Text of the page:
In commonly assigned, co-pending U.S. Pat. application Ser. No. 816,776, entitled PIEZOELECTRIC CAMERA SHUTTER, filed in the names of L. F. Frank and J. K. Lee on July 18, 1977, a shutter control device was disclosed which employed a piezoelectric bimorph for providing electrical energy for powering an electronic exposure control circuit and a second bimorph for converting an electric control signal from the circuit to mechanical energy to terminate exposure. The shutter control device disclosed in that application represented a significant improvement over previously known mechanisms because piezoelectric devices are more reliable than battery sources and more efficient than conventional, non-battery powered sources known in the prior art for powering camera exposure control system. In fact piezoelectric devices have very little resistive loss, and may operate at electro-mechanical conversion efficiencies as high as about 50%. As motors, piezoelectric devices are extremely fast acting and therefore permit very accurate timing while operating at low energy levels. They may be latched in a selected position without draining power and have a theoretically infinite operational life.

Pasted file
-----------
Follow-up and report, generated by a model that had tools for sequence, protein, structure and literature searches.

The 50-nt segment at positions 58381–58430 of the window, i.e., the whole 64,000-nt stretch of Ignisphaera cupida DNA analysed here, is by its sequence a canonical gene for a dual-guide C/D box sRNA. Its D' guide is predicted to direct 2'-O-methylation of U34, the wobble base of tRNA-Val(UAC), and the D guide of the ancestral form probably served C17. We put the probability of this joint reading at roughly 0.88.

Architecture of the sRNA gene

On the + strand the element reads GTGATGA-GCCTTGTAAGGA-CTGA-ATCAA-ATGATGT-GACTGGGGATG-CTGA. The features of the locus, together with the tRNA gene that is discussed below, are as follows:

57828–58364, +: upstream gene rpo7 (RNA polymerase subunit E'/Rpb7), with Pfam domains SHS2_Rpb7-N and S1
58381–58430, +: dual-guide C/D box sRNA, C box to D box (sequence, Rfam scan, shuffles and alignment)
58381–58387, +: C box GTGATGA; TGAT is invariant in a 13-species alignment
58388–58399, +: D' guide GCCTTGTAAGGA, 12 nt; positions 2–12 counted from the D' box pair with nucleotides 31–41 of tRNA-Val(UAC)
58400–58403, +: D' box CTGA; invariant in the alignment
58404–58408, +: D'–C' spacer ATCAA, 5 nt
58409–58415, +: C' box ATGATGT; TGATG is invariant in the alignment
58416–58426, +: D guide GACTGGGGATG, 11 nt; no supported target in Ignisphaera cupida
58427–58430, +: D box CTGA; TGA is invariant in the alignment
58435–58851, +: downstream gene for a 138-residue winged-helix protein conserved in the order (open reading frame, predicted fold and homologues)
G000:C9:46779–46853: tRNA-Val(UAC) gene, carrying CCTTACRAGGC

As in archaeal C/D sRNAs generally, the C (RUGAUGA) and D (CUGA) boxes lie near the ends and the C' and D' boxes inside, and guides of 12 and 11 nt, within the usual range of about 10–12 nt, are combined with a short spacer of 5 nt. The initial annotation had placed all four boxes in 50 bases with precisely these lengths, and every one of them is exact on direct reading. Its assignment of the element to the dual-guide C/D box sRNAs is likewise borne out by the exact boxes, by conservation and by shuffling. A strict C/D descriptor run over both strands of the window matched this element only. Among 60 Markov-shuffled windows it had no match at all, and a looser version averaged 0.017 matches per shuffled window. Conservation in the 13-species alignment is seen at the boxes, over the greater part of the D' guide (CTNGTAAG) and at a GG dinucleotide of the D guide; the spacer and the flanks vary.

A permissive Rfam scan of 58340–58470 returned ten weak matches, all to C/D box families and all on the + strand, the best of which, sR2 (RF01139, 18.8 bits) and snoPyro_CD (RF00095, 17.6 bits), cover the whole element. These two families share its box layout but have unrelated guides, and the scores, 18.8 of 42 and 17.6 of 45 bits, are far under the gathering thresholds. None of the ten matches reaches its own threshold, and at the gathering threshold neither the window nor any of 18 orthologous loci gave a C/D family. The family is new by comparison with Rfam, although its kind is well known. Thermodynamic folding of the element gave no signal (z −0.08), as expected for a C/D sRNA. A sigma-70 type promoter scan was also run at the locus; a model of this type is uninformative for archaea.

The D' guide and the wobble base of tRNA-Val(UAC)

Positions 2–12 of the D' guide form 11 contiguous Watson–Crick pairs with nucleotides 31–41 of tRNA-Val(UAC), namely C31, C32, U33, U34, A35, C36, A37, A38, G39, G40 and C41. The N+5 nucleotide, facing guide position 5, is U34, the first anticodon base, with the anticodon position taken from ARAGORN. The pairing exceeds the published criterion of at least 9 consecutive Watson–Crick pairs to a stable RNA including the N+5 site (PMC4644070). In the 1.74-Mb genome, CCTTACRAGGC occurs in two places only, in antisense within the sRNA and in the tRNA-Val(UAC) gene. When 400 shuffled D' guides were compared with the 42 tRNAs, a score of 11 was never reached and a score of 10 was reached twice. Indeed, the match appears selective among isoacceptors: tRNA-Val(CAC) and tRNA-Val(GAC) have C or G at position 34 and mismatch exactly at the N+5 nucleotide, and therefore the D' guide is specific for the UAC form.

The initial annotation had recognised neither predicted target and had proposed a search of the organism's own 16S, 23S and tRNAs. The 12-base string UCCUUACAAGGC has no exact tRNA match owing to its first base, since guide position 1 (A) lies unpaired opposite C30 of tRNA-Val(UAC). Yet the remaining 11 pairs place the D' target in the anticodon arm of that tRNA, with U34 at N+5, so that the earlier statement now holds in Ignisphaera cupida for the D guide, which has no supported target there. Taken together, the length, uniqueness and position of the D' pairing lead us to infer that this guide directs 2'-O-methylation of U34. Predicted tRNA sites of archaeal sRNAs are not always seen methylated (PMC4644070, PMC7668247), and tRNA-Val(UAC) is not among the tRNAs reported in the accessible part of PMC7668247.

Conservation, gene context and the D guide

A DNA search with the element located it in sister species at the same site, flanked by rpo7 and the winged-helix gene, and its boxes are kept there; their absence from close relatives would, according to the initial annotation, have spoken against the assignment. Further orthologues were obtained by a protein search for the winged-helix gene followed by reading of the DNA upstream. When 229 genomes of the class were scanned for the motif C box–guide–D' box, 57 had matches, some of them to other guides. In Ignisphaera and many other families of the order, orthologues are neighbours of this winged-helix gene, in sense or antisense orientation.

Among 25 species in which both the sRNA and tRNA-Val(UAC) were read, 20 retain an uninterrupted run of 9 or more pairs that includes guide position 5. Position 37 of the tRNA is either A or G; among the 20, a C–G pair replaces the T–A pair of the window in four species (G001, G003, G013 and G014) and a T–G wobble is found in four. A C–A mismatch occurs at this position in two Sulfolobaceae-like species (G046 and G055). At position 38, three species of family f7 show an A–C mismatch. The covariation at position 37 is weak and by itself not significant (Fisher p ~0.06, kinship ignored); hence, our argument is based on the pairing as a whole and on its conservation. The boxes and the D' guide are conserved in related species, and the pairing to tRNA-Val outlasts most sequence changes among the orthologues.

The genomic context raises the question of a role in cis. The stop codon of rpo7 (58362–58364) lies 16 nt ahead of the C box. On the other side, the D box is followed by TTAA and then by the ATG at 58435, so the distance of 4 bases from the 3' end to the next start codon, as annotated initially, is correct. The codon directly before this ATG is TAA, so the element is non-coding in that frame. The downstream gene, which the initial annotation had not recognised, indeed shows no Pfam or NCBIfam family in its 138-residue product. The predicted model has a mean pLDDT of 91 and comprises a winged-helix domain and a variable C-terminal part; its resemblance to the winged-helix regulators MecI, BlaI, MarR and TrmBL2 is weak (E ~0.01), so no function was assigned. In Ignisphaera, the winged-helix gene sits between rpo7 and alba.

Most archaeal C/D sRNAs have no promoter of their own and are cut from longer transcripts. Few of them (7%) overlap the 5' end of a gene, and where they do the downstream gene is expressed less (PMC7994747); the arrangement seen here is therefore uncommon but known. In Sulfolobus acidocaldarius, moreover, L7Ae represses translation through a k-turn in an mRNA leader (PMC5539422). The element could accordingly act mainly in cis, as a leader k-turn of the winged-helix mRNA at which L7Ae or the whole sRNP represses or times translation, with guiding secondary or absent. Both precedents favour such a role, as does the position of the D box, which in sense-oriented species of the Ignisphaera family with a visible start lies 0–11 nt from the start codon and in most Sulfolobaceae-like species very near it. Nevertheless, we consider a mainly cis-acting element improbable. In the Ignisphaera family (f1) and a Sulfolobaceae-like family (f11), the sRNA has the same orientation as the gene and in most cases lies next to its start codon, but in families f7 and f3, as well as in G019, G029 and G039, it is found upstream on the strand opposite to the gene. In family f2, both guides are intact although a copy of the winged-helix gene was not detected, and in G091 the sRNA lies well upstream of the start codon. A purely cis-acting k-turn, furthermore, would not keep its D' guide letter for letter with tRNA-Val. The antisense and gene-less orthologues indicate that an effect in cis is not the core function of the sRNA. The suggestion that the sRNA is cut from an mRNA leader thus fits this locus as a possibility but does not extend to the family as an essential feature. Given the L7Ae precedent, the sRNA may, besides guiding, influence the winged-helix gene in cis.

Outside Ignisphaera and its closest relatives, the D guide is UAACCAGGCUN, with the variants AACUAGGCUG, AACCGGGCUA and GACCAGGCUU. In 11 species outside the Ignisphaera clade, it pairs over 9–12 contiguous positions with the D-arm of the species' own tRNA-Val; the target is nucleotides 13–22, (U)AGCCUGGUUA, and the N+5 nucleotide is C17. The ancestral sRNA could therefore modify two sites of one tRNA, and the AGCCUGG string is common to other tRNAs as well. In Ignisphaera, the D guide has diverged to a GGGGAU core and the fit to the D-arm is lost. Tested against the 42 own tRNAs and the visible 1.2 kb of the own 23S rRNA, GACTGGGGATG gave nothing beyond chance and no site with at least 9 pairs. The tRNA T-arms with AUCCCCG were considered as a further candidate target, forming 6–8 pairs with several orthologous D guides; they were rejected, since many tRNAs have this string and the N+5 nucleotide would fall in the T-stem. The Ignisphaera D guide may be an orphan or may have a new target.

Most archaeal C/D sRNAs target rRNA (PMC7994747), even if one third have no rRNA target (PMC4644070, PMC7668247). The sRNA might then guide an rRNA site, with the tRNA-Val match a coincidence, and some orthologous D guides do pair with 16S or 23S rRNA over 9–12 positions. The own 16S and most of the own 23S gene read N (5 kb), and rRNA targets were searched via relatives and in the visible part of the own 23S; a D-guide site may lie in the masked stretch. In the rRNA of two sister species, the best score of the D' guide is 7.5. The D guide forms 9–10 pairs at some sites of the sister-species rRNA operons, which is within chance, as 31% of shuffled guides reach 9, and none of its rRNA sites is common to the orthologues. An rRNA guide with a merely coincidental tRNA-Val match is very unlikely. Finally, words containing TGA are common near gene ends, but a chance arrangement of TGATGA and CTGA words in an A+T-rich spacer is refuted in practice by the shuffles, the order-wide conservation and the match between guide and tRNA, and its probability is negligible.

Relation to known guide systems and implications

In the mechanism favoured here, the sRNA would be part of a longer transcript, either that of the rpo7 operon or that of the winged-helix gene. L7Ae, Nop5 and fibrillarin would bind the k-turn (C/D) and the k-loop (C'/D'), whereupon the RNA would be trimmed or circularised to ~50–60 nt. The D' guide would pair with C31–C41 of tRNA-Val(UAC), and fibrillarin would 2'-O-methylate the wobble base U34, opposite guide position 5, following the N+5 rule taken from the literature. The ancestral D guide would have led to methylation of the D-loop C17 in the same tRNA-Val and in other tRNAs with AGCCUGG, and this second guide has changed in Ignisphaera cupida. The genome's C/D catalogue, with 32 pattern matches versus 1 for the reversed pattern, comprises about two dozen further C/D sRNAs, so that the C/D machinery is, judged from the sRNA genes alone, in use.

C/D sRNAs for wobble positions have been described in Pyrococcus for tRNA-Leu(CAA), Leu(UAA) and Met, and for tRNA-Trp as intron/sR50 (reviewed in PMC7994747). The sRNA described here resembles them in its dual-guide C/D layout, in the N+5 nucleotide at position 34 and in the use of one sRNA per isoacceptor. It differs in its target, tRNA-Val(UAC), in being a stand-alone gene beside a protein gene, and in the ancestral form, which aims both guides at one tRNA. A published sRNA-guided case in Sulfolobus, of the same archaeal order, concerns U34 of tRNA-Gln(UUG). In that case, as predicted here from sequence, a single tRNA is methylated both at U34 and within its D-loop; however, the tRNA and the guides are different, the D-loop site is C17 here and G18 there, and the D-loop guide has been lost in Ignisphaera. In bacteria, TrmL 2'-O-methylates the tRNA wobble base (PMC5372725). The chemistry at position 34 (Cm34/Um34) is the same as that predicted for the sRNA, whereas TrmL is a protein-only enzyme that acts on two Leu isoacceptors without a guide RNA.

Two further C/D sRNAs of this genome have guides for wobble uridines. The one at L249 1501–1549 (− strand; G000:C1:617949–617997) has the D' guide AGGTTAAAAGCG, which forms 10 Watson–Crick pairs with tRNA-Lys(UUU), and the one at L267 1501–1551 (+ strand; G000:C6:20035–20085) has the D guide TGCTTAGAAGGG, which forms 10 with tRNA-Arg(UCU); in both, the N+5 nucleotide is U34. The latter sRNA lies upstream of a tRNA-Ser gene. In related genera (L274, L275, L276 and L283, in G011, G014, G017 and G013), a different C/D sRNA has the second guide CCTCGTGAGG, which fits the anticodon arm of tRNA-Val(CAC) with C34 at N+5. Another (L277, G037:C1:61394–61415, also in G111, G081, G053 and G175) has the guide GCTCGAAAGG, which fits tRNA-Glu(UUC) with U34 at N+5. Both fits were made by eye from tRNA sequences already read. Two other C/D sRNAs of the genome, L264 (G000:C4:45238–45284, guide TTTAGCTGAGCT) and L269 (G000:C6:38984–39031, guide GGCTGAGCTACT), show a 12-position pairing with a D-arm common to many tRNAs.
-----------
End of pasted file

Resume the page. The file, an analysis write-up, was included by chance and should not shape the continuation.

The present invention is an improvement over the mechanism shown in aforementioned U.S. Patent application Ser. No. 816,776, wherein the functions of the generator bimorph and the motor bimorph are performed by a single bimorph, thus effecting a savings in elements and associated manufacturing costs.
In accordance with the present invention, there is provided an openable shutter, the speed of which is controlled by an electronic circuit which produces a signal having a characteristic which is a function of scene illumination. Electrical energy for powering the electronic circuit and mechanical energy for terminating exposure is derived from a single, high efficient, fast acting and accurate piezoelectric electro-mechanical energy conversion device such as a bimorph.
The invention, and its objects and advantages, will become more apparent in the detailed description of the preferred embodiment presented below.
In the detailed description of the preferred embodiment of the invention presented below, reference is made to the accompanying drawings in which:
FIGS. 1-4 are schematic representations of a portion of a camera in accordance with a preferred embodiment of the present invention in various stages of operation; and
FIG. 5 is a schematic electrical diagram of electronics in accordance with a preferred embodiment of the present invention.